The intensification of anticipatory forms of healthcare, despite their collateral iatrogenic harms, are justified by an elite expert subjective neoliberal pragmatism that favours both an unregulated market and the thought impressions of elite expertise. Discourse shapes belief in the intended benefits and represses knowledge of harm, and makes this form of care publicly acceptable despite its harms.
The term or name ‘real’ cancer is shown to function and shape belief discursively, that is through expert rhetoric or discourse, to fix meaning to screen-diagnosed cancer as accurate, and to screening itself as ‘a good thing’.
Three examples from expert discourse are provided that show how meaning is fixed by language to align with neoliberal pragmatist ideals, and used as propaganda, by scientist-politicians. In these examples language is used to: a) impose particular beliefs about care; b) reinforce the idea that test results are always true and never false; and c) incite fear and urgent action.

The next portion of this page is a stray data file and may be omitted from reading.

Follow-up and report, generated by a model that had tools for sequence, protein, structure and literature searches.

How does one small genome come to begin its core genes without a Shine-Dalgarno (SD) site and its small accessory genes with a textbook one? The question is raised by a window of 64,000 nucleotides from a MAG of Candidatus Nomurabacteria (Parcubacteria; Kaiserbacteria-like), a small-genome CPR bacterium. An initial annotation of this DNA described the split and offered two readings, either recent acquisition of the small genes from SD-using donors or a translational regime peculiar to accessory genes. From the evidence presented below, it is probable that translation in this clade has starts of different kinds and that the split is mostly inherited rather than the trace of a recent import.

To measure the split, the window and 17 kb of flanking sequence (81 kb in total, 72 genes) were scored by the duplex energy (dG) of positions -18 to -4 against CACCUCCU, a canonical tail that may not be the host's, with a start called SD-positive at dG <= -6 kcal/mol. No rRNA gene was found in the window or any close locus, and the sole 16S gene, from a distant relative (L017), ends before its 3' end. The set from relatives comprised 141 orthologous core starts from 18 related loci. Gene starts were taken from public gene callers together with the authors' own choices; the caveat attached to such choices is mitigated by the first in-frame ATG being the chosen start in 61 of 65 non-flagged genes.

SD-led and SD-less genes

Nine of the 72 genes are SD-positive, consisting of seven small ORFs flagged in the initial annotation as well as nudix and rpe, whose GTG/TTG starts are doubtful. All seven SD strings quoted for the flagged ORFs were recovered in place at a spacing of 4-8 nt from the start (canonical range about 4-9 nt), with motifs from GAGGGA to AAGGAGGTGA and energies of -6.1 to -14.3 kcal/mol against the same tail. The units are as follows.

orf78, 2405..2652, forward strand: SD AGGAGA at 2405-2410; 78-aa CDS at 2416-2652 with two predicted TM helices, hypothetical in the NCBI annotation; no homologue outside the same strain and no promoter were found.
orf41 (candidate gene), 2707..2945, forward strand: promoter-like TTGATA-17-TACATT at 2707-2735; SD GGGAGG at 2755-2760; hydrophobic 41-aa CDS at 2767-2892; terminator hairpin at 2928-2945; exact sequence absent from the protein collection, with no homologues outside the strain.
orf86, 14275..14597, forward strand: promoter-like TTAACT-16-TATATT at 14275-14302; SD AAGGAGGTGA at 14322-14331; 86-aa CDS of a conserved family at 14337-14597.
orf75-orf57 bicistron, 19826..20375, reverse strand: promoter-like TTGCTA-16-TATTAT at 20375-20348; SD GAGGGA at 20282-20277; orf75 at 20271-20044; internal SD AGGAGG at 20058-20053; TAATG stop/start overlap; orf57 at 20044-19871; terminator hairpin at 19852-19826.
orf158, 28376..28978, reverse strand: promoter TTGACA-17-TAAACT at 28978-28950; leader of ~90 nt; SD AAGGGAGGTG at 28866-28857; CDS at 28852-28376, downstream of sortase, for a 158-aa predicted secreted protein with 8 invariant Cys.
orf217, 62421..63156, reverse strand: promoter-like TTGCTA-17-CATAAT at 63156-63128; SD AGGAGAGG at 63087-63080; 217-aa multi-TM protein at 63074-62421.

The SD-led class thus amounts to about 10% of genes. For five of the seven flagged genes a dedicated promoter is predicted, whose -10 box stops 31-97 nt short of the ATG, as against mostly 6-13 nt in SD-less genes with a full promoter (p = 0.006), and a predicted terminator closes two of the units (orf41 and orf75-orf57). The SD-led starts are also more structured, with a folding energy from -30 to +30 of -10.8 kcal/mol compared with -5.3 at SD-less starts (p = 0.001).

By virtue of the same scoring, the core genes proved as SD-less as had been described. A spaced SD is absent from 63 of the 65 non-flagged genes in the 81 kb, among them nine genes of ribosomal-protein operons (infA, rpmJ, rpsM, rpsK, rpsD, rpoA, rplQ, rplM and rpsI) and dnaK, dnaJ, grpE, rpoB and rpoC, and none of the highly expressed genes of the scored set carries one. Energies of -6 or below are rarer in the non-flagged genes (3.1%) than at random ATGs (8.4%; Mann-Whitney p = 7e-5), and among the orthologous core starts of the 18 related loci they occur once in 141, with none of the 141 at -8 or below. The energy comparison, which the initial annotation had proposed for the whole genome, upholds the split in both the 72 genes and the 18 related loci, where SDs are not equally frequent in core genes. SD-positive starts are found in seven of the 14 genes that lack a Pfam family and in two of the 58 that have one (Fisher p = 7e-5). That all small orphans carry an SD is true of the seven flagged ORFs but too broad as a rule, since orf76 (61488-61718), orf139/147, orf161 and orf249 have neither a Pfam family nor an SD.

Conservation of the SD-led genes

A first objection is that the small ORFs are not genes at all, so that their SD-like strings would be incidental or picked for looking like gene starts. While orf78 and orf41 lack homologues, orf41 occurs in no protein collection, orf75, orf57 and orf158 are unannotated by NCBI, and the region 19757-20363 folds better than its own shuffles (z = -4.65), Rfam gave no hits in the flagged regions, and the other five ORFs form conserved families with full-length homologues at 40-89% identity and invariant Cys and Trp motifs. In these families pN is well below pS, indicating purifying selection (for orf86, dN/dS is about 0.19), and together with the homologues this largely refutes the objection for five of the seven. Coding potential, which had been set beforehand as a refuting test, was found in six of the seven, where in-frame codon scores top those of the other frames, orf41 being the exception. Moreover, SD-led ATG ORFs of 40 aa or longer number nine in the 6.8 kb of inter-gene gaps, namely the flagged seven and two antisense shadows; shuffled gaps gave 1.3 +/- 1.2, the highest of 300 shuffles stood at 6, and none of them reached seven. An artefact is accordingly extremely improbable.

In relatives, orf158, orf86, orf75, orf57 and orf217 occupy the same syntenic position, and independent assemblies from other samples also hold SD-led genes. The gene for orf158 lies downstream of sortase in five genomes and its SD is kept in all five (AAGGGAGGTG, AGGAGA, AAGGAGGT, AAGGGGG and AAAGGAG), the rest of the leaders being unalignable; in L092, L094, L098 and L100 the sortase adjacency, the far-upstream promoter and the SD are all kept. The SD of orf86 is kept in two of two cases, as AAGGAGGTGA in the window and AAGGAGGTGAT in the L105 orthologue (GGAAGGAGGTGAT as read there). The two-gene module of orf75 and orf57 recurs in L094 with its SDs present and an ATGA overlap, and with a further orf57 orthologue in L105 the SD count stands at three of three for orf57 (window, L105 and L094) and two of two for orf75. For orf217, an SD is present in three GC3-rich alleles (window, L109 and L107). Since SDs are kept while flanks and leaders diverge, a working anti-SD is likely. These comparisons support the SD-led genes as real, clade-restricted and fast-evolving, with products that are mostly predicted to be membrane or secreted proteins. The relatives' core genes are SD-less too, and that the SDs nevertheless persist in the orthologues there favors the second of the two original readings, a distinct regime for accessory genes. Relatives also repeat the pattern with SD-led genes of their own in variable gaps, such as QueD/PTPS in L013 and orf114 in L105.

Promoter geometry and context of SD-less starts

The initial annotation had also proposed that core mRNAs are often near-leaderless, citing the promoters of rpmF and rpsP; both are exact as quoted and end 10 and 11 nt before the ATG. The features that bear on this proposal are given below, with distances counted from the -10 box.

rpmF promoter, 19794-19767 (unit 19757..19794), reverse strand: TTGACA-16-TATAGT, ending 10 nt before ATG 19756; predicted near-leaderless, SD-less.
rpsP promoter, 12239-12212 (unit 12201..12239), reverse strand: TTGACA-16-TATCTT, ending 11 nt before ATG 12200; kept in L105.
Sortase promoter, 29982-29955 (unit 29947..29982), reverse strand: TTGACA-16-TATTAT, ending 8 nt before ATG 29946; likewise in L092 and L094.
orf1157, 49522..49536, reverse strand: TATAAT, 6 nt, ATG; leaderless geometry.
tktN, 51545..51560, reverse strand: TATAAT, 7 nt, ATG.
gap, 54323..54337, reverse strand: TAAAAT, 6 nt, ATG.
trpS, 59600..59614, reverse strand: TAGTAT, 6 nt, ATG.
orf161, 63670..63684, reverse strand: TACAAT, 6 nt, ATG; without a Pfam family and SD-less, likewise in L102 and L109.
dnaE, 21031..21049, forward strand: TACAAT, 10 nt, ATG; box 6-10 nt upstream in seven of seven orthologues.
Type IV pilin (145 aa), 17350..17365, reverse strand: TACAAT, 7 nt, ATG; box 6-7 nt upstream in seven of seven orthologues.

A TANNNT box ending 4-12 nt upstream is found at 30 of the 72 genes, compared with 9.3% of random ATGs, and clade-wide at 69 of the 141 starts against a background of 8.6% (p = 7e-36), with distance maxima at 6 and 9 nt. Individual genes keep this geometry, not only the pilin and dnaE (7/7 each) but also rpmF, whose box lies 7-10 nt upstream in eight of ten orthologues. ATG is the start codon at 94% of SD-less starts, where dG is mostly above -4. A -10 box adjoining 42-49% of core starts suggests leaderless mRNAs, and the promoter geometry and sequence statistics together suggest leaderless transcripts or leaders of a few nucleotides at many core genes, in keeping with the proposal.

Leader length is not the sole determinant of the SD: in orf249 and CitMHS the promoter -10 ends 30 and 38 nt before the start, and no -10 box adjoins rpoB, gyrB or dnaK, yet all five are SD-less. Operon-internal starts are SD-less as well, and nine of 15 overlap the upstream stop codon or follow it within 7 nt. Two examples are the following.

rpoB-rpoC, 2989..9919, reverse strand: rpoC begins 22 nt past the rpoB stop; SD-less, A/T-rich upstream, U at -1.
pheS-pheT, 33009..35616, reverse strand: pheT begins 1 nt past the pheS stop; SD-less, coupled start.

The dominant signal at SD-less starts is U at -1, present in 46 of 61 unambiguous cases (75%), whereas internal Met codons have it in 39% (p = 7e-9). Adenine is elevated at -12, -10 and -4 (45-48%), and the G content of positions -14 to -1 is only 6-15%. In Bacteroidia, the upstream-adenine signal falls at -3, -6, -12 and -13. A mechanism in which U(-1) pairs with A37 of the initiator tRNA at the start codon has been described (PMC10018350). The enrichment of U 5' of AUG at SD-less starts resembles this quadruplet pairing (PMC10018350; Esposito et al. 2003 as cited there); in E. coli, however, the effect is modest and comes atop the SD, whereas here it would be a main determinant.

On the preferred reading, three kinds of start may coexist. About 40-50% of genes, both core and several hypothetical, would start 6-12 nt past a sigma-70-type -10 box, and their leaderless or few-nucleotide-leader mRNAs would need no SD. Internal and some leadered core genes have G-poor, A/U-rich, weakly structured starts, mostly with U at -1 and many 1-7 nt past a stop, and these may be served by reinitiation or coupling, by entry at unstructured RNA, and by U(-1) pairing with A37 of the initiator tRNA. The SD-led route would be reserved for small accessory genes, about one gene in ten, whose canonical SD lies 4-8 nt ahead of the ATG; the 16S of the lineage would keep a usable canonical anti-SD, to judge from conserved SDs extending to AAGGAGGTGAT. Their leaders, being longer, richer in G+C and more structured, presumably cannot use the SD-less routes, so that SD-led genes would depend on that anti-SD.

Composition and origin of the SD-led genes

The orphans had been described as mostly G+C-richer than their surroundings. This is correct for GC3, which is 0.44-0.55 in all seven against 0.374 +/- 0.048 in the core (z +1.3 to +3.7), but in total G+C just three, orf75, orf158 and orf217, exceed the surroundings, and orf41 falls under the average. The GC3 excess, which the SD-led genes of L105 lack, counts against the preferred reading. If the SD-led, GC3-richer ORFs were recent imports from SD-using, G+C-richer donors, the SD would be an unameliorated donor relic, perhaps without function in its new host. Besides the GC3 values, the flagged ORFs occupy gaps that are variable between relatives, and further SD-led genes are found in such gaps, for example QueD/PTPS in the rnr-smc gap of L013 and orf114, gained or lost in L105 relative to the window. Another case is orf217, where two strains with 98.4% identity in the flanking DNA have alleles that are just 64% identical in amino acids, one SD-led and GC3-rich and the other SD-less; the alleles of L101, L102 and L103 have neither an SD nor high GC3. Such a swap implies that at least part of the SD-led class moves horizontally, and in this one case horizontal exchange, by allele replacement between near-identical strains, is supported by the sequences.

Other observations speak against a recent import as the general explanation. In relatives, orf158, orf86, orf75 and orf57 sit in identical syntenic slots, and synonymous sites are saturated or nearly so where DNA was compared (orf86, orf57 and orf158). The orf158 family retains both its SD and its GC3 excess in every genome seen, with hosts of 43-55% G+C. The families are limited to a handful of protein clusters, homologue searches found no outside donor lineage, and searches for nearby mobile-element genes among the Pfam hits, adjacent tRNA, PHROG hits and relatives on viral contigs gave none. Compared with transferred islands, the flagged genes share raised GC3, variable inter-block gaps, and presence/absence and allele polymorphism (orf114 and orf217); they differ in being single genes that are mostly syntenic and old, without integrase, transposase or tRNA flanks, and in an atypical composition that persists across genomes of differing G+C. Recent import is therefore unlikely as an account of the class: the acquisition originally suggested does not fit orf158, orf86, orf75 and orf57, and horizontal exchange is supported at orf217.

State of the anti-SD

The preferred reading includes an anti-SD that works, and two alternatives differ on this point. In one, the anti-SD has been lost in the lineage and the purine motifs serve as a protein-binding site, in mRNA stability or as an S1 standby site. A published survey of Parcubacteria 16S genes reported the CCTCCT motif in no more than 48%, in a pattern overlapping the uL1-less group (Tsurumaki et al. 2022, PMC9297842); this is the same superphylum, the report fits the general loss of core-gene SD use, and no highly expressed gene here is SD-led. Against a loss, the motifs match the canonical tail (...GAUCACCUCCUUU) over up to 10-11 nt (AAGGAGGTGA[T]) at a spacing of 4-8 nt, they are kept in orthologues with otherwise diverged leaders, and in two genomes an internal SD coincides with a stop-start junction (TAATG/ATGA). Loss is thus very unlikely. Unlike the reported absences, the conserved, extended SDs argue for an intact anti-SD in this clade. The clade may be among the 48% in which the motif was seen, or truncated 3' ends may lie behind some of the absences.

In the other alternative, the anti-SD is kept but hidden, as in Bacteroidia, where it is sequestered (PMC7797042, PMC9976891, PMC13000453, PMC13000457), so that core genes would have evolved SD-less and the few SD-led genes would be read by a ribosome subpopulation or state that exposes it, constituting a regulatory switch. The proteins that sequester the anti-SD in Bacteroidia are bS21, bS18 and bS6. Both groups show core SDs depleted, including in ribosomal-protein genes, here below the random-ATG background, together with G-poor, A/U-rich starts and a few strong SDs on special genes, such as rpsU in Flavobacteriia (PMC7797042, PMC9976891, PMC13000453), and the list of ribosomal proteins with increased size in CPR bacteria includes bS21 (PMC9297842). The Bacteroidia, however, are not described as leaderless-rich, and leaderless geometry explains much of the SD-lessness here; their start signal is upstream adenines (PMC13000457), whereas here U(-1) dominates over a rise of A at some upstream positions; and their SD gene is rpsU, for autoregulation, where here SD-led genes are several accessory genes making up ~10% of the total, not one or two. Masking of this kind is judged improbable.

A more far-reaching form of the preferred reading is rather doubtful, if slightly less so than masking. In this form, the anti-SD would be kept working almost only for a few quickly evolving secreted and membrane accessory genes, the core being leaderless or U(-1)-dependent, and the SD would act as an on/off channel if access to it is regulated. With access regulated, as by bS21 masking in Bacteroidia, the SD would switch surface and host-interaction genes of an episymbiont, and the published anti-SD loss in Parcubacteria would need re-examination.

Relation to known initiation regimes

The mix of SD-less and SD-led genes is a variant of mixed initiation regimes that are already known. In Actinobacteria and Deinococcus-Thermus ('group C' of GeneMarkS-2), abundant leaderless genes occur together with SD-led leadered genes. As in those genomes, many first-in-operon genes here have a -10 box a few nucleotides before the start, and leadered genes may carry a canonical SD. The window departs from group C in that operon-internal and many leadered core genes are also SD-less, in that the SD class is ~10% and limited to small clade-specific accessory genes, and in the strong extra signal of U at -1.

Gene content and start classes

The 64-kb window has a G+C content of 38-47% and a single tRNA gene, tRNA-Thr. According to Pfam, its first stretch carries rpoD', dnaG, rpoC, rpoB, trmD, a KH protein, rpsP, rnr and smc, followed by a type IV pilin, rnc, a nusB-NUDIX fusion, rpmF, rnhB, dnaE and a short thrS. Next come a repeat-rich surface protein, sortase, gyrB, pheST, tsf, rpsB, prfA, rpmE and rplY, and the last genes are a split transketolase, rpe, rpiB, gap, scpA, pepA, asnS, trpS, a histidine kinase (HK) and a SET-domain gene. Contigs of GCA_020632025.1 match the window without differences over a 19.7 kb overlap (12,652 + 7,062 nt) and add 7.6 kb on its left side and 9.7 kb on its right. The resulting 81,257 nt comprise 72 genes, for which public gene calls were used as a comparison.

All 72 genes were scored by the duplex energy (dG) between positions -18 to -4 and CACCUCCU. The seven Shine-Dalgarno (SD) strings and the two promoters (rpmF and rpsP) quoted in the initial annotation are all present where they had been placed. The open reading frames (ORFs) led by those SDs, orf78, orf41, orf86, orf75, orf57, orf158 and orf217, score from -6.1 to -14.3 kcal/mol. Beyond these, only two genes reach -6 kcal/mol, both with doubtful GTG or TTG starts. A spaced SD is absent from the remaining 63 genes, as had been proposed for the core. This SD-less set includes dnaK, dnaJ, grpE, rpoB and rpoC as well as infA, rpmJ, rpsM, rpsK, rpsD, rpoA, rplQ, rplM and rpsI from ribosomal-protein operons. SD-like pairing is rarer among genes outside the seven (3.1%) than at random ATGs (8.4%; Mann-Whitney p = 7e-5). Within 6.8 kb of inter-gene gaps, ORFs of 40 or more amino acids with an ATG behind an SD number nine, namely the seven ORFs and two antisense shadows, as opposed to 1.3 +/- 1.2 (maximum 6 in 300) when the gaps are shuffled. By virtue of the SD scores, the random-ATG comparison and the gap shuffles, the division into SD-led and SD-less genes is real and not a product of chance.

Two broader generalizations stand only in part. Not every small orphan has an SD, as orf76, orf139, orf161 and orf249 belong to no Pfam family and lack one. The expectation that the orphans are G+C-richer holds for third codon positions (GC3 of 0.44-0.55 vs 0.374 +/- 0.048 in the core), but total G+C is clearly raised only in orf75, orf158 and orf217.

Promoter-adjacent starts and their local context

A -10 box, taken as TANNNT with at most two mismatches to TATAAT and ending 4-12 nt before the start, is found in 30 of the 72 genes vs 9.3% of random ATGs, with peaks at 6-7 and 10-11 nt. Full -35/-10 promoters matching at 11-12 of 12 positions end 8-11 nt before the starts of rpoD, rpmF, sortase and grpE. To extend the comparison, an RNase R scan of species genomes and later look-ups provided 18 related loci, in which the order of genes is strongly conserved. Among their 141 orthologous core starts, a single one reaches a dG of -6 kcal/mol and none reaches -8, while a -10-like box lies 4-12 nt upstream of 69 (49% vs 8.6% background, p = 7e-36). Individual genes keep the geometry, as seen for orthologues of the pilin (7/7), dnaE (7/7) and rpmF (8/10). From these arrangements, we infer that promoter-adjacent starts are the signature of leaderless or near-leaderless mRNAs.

Contemporary political ideology: neoliberalism, is shown to operate via discourse, and employs language in ways that shape conscious thought, beliefs and public opinion, and that there are important non-conscious factors at play in this process. This operative ‘unconscious’, then, introduces a different way of thinking about the human being’s subjectivity, that is, the way the individual makes sense of her self and social relations, as not necessarily being the commonly assumed ‘whole’ person, capable of autonomous thought and decision-making independent of social relations and cultural norms.